Islam is practiced by 17.3% of the Mauritian population. Approximately 95 percent of these are Sunni Muslims, having an understanding of the Urdu language. Within the Muslim community, there are three distinct ethnicities that exist, notably the Memons and the Surtees (who are rich merchants who came from Kutch and Surat province of Gujarat in India), then the "Hindi Calcattias" who came to Mauritius as indentured labourers from Bihar. Humeirah, a novel by Sabah Carrim, is a story about the Memons and the "Hindi Calcattias" set on the island of Mauritius.
Other languages include Bhojpuri, Gujarati, and Tamil. Among the Shi'a minority, some have their origins in different parts of South Asia, while others are adherents of the Shia Ismaili sect from East Africa. The majority of Shias are Ithnā‘ashariyyah with small Ismaili sect.
The first purpose-built mosque in Mauritius is the Camp des Lascars Mosque in around 1805. It is now officially known as the Al-Aqsa Mosque. The Jummah Mosque in Port Louis was built in the 1850s and is often described as one of the most beautiful religious building in Mauritius by the Ministry of Tourism's guide. There are many smaller mosques in the towns and villages. The highest concentration of Muslims is found in the capital Port Louis, predominantly in the Plaine Verte, Ward IV, Valle Pitot and Camp Yoloff neighborhood.
Most people of the Muslim community follows the Sunni belief. However, there are also the Shia and Tablighi Jamaat. According to the 2011 census, there were 1265 Ahmadis. The Islamic Authority recognized by the Government is Jummah Mosque Port Louis.
The Baháʼí Faith was introduced to the Mauritius by Ottilie Rhein in 1953. For opening a new territory to the Faith during the Ten Year Crusade, Ottilie Rhein was designated a Knight of Bahá'u'lláh by Shoghi Effendi, the Guardian of the Baháʼí Faith. According to the 2011 government census, there were 639 Baháʼís in Mauritius. Contradicting the official census, the Association of Religion Data Archives states there were 23,748 Baháʼís in Mauritius in 2010.
- "Resident population by religion and sex" (PDF). Statistics Mauritius. pp. 68, 71. Archived from the original (PDF) on October 16, 2013. Retrieved April 23, 2017.
- "International Religious Freedom Report for 2015". United States State Department. Retrieved 2016-11-25.
- "Public Holidays". Mauritius. 2016-02-04. Retrieved 2016-11-25.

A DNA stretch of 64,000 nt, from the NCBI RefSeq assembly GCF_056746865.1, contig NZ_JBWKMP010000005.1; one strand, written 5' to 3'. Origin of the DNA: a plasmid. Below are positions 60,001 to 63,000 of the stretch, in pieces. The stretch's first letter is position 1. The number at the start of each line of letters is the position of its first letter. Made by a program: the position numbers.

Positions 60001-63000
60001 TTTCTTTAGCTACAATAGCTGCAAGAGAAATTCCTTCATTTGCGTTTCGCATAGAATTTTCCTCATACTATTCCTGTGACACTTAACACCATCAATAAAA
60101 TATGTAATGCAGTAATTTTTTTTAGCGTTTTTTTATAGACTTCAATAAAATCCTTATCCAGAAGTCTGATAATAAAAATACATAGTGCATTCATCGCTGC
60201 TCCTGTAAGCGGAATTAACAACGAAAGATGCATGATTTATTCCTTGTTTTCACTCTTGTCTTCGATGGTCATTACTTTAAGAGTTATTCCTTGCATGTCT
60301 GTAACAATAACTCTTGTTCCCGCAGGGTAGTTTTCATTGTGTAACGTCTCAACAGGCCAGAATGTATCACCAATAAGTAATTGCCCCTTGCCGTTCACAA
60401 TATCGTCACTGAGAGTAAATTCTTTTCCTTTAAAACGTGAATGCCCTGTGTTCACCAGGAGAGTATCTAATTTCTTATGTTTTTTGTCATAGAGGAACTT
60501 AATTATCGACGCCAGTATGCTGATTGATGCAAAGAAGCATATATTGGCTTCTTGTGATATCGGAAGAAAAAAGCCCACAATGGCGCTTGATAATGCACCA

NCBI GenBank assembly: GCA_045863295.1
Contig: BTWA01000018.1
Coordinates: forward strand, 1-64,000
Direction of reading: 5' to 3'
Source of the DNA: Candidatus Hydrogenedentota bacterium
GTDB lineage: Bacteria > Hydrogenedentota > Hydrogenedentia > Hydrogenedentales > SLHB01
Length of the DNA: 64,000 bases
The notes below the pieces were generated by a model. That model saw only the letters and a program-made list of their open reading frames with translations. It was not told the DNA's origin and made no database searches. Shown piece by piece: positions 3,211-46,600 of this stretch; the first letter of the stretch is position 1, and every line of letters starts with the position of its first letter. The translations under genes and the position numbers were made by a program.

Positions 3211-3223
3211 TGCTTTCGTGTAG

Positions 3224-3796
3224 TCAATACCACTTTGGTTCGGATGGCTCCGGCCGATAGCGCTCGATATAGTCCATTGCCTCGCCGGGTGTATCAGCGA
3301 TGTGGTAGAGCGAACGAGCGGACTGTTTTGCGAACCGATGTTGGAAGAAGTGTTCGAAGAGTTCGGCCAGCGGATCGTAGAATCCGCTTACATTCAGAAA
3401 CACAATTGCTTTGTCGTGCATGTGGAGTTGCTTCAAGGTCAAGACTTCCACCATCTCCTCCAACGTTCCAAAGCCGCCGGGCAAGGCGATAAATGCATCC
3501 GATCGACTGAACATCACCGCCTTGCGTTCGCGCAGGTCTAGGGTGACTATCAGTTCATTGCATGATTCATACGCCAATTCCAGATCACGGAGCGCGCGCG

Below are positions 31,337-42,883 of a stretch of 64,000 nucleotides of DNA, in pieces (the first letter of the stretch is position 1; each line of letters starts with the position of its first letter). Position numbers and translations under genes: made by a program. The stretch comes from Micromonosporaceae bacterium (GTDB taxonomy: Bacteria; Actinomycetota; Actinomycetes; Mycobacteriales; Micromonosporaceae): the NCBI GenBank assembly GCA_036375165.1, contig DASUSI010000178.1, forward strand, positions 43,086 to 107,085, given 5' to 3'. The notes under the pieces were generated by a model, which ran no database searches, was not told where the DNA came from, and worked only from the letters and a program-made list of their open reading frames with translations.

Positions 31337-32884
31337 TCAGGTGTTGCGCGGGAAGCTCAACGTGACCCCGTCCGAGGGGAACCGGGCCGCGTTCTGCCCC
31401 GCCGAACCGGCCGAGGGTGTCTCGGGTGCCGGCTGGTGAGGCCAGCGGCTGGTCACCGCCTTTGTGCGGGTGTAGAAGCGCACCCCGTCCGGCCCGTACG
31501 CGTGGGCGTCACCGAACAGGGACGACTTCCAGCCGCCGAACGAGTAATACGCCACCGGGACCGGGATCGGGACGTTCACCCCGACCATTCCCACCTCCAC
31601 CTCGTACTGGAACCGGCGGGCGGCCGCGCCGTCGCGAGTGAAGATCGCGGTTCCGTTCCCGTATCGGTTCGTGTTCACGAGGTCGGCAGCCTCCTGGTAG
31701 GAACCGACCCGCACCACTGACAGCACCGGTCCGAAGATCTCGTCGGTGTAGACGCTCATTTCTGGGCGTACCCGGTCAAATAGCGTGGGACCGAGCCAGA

- Malik, Rajiv (2003). "The Hindus of Mauritius". Hinduism Today. Himalayan Academy. Retrieved 2007-04-25.
- "Hinduism in Mauritius -as indentured servants of European settlers of the island. As of 2000, 48% of the country follows Hinduism". Mauritiusdelight.com. Retrieved 2016-06-21.
- "Mauritian culture – The main religions in Mauritius". Lemeilleurdelilemaurice.com. 2012-11-16. Retrieved 2016-06-21.
- Thapan (ed.), Meenakshi (2005). Transnational Migration and the Politics of Identity. SAGE. p. 320. ISBN 978-0-7619-3425-7.CS1 maint: extra text: authors list (link)
- "Mauritius". Newsroom. Church of Jesus Christ of Latter-day Saints. Retrieved 25 November 2016.
- "Archived copy" (PDF). Archived from the original (PDF) on May 10, 2011. Retrieved January 28, 2010.CS1 maint: archived copy as title (link)
- Watson, James L. (1980). Asian and African systems of slavery. University of California Press. pp. 158–159. ISBN 978-0-520-04031-1. Retrieved 2010-01-28.
- Hylland Eriksen, Thomas (1998). Common denominators: ethnicity, nation-building and compromise in Mauritius. Berg Publishers. p. 82. ISBN 978-1-85973-959-4. Retrieved 2010-01-28.
- "ISLAM IN MAURITIUS | Faisal Muhammad". Academia.edu. 1970-01-01. Archived from the original on 2014-07-09. Retrieved 2016-06-21.[circular reference]
- "History of Faith in Mauritius". The official website of the Baháʼís of Mauritius. Baháʼí Community of Mauritius. 2014. Retrieved April 23, 2017.
- "QuickLists: Most Baha'i (sic) Nations (2010)". Association of Religion Data Archives. 2010. Retrieved 2020-10-22.